Hair loss is often distressing and can have a significant effect on the patient's quality of life. Patients may present to their family physician first with diffuse or patchy hair loss. Scarring alopecia is best evaluated by a dermatologist. Nonscarring alopecias can be readily diagnosed and treated in the family physician's office. Androgenetic alopecia can be diagnosed clinically and treated with minoxidil. Alopecia areata is diagnosed by typical patches of hair loss and is self-limited. Tinea capitis causes patches of alopecia that may be erythematous and scaly and must be treated systemically. Telogen effluvium is a nonscarring, noninflammatory alopecia of relatively sudden onset caused by physiologic or emotional stress. Once the precipitating cause is removed, the hair typically will regrow. Trichotillomania is an impulse-control disorder; treatment is aimed at controlling the underlying psychiatric condition. Trichorrhexis nodosa occurs when hairs break secondary to trauma and is often a result of hair styling or overuse of hair products. Anagen effluvium is the abnormal diffuse loss of hair during the growth phase caused by an event that impairs the mitotic activity of the hair follicle, most commonly chemotherapy. Physician support is especially important for patients in this situation.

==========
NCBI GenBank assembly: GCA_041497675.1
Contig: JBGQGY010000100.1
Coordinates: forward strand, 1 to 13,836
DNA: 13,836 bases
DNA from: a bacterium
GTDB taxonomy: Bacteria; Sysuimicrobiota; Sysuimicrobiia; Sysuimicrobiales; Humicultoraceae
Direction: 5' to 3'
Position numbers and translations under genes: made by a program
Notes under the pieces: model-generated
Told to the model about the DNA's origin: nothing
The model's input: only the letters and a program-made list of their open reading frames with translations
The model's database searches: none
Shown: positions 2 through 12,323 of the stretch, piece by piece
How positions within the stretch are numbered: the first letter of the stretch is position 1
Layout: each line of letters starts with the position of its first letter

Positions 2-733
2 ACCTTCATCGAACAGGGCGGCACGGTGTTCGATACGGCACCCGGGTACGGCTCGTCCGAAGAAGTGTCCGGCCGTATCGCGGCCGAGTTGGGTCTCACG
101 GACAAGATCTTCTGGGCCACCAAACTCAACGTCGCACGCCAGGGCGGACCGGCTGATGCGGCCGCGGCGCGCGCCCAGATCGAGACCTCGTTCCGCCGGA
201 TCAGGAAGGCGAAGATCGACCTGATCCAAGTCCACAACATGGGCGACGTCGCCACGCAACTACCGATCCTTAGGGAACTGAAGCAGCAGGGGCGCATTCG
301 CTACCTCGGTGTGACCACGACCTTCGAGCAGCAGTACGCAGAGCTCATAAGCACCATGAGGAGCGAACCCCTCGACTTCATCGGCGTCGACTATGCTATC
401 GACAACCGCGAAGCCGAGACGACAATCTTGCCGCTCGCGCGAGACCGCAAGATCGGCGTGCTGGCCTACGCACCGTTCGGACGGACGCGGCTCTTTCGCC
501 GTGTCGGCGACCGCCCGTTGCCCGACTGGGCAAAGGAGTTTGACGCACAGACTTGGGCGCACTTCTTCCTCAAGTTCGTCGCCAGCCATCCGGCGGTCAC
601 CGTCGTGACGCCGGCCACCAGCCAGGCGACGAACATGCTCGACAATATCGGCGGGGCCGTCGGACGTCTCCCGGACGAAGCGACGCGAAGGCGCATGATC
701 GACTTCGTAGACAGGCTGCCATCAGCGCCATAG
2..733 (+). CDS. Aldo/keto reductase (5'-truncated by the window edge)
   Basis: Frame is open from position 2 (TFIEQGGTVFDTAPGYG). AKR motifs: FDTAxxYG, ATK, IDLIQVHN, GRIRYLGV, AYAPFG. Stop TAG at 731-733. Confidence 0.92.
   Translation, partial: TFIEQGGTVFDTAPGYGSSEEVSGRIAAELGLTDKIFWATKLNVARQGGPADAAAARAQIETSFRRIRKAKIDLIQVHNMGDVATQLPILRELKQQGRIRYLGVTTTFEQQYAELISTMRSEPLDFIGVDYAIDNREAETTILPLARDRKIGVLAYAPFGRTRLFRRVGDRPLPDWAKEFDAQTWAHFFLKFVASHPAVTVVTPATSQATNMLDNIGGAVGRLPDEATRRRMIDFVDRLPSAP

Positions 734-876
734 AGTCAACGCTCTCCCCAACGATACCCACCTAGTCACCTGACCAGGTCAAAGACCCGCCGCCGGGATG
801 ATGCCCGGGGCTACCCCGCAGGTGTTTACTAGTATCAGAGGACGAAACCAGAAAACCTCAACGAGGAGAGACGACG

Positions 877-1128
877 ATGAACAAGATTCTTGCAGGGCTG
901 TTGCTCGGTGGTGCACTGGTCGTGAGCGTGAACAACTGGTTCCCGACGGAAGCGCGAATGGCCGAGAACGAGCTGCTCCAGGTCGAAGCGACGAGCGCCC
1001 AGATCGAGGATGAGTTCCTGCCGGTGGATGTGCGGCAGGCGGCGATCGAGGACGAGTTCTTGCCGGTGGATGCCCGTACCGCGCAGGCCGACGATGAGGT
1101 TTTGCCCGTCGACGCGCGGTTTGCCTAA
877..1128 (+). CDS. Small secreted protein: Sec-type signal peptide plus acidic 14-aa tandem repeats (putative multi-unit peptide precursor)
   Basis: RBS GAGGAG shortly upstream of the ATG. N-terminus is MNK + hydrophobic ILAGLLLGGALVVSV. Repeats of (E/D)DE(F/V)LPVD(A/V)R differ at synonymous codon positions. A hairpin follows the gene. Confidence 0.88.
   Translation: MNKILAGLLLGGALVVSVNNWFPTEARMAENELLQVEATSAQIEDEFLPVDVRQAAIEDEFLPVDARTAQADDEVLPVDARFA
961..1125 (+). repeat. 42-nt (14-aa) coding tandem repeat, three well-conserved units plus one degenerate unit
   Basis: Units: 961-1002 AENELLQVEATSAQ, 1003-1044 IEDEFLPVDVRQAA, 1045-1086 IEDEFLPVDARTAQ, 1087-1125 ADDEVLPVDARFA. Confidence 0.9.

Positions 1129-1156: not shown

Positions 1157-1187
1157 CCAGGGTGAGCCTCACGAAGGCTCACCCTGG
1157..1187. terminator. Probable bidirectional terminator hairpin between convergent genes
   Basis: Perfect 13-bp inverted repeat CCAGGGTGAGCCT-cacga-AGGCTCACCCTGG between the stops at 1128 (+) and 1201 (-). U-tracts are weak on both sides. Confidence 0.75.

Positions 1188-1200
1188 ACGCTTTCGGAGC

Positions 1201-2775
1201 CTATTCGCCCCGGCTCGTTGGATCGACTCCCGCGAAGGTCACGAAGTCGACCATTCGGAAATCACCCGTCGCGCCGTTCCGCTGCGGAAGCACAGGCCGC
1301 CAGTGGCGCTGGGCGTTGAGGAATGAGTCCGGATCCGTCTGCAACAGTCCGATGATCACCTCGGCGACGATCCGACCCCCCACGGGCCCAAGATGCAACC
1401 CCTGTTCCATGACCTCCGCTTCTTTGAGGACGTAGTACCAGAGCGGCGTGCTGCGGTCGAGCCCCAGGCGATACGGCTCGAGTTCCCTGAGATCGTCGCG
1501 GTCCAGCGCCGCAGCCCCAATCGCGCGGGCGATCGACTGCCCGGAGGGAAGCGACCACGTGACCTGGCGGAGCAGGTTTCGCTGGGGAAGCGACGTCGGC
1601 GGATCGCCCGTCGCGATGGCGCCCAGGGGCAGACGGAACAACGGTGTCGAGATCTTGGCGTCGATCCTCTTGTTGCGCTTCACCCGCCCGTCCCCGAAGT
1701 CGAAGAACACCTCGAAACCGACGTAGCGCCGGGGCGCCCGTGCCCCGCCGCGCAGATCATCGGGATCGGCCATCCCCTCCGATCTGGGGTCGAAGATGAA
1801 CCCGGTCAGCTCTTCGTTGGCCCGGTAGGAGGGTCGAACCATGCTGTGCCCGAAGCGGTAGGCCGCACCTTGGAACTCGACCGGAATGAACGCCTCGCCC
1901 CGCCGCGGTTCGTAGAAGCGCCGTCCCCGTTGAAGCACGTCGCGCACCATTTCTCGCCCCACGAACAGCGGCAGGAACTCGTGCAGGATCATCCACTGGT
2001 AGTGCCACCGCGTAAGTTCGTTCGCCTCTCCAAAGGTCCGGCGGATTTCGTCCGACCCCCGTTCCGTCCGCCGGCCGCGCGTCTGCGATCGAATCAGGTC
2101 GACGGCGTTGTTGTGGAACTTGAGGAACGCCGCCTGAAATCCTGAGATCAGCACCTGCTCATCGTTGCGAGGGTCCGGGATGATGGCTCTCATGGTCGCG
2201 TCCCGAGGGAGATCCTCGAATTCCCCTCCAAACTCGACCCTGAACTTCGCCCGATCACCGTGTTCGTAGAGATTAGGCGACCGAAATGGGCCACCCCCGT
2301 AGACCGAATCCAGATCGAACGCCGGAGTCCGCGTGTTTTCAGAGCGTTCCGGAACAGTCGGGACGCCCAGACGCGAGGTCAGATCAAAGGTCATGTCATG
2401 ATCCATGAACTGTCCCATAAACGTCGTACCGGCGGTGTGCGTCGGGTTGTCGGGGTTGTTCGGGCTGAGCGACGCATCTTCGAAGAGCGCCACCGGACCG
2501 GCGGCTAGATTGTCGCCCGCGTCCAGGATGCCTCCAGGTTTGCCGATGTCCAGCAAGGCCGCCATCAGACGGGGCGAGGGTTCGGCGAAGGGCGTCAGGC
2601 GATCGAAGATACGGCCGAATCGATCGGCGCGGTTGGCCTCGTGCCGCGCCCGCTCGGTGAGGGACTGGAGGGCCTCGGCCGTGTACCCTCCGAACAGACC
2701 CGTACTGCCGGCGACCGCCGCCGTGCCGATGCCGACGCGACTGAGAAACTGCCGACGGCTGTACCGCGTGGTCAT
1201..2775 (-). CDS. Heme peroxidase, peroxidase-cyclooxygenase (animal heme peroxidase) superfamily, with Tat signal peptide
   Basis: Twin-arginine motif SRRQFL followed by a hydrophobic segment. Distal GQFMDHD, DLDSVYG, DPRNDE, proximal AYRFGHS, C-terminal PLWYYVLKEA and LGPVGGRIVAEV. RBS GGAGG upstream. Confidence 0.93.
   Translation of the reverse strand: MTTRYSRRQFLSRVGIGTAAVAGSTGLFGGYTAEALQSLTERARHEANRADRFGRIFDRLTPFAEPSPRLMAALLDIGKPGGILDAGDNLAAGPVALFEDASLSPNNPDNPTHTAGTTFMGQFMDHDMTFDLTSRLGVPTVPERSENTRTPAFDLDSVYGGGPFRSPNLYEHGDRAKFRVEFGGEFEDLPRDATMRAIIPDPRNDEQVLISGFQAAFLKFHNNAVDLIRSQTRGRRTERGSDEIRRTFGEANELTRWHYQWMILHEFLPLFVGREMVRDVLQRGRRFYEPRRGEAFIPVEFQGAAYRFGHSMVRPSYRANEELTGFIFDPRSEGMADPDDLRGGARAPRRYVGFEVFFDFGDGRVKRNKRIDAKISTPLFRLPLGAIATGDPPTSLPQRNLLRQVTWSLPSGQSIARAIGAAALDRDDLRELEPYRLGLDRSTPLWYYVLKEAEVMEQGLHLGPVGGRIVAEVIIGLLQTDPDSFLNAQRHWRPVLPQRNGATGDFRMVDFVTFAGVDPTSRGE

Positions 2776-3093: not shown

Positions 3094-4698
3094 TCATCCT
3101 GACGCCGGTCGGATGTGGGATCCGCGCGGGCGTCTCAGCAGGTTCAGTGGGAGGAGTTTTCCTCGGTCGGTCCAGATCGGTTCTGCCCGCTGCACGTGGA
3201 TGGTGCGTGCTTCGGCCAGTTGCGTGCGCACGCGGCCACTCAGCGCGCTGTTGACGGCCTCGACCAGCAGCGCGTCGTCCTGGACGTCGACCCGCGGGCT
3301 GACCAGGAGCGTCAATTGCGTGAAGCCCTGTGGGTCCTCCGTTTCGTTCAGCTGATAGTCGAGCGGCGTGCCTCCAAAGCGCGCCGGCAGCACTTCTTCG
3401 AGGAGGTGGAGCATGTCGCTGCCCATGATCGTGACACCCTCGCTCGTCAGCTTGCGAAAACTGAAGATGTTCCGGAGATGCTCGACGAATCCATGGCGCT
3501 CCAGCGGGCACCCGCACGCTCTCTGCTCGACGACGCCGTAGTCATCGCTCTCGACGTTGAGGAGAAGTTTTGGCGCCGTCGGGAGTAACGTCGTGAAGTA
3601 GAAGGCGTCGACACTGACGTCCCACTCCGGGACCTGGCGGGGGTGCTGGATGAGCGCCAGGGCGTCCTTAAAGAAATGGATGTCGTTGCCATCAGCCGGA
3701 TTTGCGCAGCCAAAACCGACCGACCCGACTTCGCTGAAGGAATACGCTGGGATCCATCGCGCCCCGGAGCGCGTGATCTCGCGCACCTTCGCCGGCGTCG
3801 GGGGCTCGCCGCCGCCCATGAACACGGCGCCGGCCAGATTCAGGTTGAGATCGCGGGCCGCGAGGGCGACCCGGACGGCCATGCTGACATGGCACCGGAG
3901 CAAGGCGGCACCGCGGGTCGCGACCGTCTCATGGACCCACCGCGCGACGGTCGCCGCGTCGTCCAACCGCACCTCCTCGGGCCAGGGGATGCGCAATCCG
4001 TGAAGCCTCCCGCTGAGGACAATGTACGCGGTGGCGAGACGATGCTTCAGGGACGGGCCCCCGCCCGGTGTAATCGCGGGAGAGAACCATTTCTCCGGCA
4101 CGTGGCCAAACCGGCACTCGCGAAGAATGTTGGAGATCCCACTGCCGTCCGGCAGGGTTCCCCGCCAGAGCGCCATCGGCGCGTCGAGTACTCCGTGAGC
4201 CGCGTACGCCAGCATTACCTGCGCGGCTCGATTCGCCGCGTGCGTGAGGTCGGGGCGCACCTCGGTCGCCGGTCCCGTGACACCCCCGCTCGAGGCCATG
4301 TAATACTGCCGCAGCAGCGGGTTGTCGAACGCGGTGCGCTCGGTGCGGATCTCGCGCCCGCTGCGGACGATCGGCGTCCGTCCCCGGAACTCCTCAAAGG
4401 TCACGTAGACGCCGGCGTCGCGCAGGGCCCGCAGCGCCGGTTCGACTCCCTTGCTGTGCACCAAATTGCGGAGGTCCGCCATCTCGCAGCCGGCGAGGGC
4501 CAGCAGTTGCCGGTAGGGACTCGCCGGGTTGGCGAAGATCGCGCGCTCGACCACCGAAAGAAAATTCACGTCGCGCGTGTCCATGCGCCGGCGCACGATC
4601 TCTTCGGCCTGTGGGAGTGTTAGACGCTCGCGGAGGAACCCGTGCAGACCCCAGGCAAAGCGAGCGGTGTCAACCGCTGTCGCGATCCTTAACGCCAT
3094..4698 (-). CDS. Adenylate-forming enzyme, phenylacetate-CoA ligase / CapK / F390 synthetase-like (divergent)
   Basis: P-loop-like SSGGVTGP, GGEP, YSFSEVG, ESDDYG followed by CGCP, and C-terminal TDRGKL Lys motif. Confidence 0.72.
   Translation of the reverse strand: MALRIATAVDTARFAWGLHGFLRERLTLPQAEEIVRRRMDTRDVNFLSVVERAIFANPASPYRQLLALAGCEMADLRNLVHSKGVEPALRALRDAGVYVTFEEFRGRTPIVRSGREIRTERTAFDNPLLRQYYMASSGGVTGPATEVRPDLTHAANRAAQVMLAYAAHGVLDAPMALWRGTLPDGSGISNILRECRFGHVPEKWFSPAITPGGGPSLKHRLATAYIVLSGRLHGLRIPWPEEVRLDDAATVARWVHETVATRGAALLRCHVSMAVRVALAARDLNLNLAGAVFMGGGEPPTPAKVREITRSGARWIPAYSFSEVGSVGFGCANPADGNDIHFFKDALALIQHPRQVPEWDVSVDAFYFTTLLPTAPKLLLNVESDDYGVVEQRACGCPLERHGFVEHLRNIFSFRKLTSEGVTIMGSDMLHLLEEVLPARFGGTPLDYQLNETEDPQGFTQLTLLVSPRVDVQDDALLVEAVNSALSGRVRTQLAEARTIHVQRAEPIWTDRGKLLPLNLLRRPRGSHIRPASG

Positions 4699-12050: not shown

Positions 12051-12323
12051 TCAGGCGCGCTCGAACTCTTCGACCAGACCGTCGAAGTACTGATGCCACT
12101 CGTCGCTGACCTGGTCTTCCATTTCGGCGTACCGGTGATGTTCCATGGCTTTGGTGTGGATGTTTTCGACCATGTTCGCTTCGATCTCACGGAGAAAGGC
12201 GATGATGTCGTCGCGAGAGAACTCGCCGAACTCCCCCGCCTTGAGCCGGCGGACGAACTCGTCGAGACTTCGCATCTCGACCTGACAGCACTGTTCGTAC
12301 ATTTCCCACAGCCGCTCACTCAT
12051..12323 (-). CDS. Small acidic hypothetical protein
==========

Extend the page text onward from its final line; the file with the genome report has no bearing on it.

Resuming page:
Finally, if these tests come back normal, your dermatologist may suggest a scalp biopsy of a couple of two-millimeter sections taken from your scalp under local anesthesia ($400 and up). It can determine whether genetic hair loss, telogen effluvium (a condition in which hair falls out from stress or rapid weight gain), or a disease (such as lupus) is the cause of your shedding, and your dermatologist can treat you accordingly.
But the male propensity to internalise their feelings often leaves them particularly vulnerable. “I know guys who have changed their career paths because of their hair loss,” says Kobren. “I know a lawyer who began delivering potato chips so he could wear a cap to work. I know an NYPD officer who was so devastated by a bad transplant, he had to retire and he ended up on disability benefit.”